Like the majority of the founders of large philanthropic foundations in the United States, James B.
Duke assumed that the Duke Endowment, which he established in 1924, would continue its charitable activity forever.
Lasting Legacy to the Carolinas is an examination of the history of this foundation and the ways in which it has-and has not-followed Duke's original design.
In this volume, Robert F. Durden explores how the propriety of linking together a tax-free foundation and an investor-owned, profit-seeking business like the Duke Power Company has significantly changed over the course of the century.
Explaining the implications of the Tax Reform Act of 1969 for J.
B. Duke's dream, Durden shows how the philanthropist's plan to have the Duke Endowment virtually own and ultimately control Duke Power (which, in turn, would supply most of the Endowment's income) dissolved after the death of daughter Doris Duke in 1993, when the trustees of the Endowment finally had the unanimous votes needed to sever that tie.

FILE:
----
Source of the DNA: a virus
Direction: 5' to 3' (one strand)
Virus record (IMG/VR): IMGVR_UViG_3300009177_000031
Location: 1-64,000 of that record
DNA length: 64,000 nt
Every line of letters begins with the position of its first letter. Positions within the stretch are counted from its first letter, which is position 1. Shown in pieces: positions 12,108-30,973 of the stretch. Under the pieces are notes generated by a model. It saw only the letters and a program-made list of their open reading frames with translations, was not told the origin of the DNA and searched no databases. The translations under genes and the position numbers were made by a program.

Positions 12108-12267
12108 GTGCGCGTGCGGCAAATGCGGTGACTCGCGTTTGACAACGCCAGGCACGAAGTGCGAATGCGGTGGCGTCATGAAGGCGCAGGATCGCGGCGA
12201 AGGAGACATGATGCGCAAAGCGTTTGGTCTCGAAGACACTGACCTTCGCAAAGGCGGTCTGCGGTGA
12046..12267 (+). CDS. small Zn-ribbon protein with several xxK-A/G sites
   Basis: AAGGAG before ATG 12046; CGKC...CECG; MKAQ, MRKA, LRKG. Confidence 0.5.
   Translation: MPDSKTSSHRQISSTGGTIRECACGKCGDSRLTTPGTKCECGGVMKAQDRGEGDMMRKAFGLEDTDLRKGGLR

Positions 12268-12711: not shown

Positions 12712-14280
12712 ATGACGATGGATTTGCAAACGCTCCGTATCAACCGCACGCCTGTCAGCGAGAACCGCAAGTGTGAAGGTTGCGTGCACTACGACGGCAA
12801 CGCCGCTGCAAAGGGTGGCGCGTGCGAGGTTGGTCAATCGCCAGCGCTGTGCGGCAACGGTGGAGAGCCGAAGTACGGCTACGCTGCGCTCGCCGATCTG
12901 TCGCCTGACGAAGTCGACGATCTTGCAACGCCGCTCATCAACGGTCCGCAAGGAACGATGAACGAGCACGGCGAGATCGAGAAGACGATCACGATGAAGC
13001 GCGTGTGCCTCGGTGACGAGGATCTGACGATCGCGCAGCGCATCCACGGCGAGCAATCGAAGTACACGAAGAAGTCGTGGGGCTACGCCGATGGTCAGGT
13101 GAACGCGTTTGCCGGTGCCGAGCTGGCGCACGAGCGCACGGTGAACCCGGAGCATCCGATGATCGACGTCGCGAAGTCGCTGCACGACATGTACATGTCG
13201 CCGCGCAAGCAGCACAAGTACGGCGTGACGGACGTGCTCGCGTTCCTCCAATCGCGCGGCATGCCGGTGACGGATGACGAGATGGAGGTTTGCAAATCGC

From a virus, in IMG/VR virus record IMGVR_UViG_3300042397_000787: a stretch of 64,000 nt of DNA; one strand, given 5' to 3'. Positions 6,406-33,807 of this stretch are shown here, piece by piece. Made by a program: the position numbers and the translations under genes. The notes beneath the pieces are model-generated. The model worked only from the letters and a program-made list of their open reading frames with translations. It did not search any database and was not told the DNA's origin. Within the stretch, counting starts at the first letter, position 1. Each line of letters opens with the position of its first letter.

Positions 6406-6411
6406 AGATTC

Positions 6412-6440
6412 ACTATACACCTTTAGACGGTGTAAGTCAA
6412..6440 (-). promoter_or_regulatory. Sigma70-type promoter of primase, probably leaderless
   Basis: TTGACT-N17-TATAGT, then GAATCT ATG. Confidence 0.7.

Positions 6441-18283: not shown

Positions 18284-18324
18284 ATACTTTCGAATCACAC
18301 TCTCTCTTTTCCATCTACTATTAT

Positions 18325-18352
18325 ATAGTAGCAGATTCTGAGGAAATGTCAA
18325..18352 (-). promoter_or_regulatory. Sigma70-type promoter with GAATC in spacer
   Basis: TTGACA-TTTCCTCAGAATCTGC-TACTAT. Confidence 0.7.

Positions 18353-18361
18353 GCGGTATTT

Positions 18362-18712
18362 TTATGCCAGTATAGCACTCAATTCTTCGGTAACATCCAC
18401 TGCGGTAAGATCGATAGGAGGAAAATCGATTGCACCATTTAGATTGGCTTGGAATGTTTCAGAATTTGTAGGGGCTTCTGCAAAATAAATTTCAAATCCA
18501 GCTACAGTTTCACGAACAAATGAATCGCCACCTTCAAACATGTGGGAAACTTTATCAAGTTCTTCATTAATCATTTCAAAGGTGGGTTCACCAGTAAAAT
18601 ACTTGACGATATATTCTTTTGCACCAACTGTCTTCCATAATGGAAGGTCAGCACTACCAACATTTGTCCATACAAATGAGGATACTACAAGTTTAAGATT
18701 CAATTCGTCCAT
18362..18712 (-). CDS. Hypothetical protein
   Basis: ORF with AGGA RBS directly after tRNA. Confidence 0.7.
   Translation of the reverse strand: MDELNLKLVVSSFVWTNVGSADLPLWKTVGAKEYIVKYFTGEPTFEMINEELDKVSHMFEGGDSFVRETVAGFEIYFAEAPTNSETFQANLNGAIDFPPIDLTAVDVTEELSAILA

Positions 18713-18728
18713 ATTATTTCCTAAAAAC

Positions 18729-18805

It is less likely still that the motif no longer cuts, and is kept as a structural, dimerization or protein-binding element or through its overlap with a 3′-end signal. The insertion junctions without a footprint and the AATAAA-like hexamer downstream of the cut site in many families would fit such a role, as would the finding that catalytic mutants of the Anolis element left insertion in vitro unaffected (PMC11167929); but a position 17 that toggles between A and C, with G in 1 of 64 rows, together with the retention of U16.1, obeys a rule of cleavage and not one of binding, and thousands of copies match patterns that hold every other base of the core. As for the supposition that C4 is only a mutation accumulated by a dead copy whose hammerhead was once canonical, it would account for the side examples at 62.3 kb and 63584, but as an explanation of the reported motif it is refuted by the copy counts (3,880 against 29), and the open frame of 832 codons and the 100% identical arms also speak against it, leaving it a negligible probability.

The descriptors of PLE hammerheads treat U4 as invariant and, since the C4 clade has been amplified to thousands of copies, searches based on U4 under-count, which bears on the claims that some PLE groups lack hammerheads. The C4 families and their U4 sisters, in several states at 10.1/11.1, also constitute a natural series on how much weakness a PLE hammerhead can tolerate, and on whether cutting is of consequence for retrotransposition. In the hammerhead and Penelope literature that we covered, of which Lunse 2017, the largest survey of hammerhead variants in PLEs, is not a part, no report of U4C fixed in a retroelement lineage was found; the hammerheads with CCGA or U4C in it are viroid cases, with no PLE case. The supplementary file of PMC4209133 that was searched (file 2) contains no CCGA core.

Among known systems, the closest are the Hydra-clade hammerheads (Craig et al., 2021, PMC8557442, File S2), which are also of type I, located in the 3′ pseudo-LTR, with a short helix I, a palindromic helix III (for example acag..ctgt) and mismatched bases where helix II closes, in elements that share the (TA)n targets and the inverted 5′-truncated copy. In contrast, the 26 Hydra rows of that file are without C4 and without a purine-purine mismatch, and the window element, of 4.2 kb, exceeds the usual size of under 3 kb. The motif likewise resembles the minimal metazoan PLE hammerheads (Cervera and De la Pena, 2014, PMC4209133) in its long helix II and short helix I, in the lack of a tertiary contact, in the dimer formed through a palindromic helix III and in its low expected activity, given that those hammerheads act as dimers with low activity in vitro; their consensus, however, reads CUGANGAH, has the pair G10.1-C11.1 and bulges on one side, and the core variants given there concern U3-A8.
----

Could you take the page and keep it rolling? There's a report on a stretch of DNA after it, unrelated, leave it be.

Although the Endowment's philanthropic projects-higher education (including Duke University), hospitals and health care, orphan and child care in both North and South Carolina, and the rural Methodist church in North Carolina-continue to be served, this study explains the impact of a century of political and social change on one man's innovative charitable intentions.
It is also a testimony to the many staff members and trustees who have invested their own time and creative energies into further benefiting these causes, despite decades of inevitable challenges to the Endowment. This third volume of Durden's trilogy relating to the Dukes of Durham will inform not only those interested in the continuing legacy of this remarkable family but also those involved with philanthropic boards, charitable endowments, medical care, child-care institutions, the rural church, and higher education.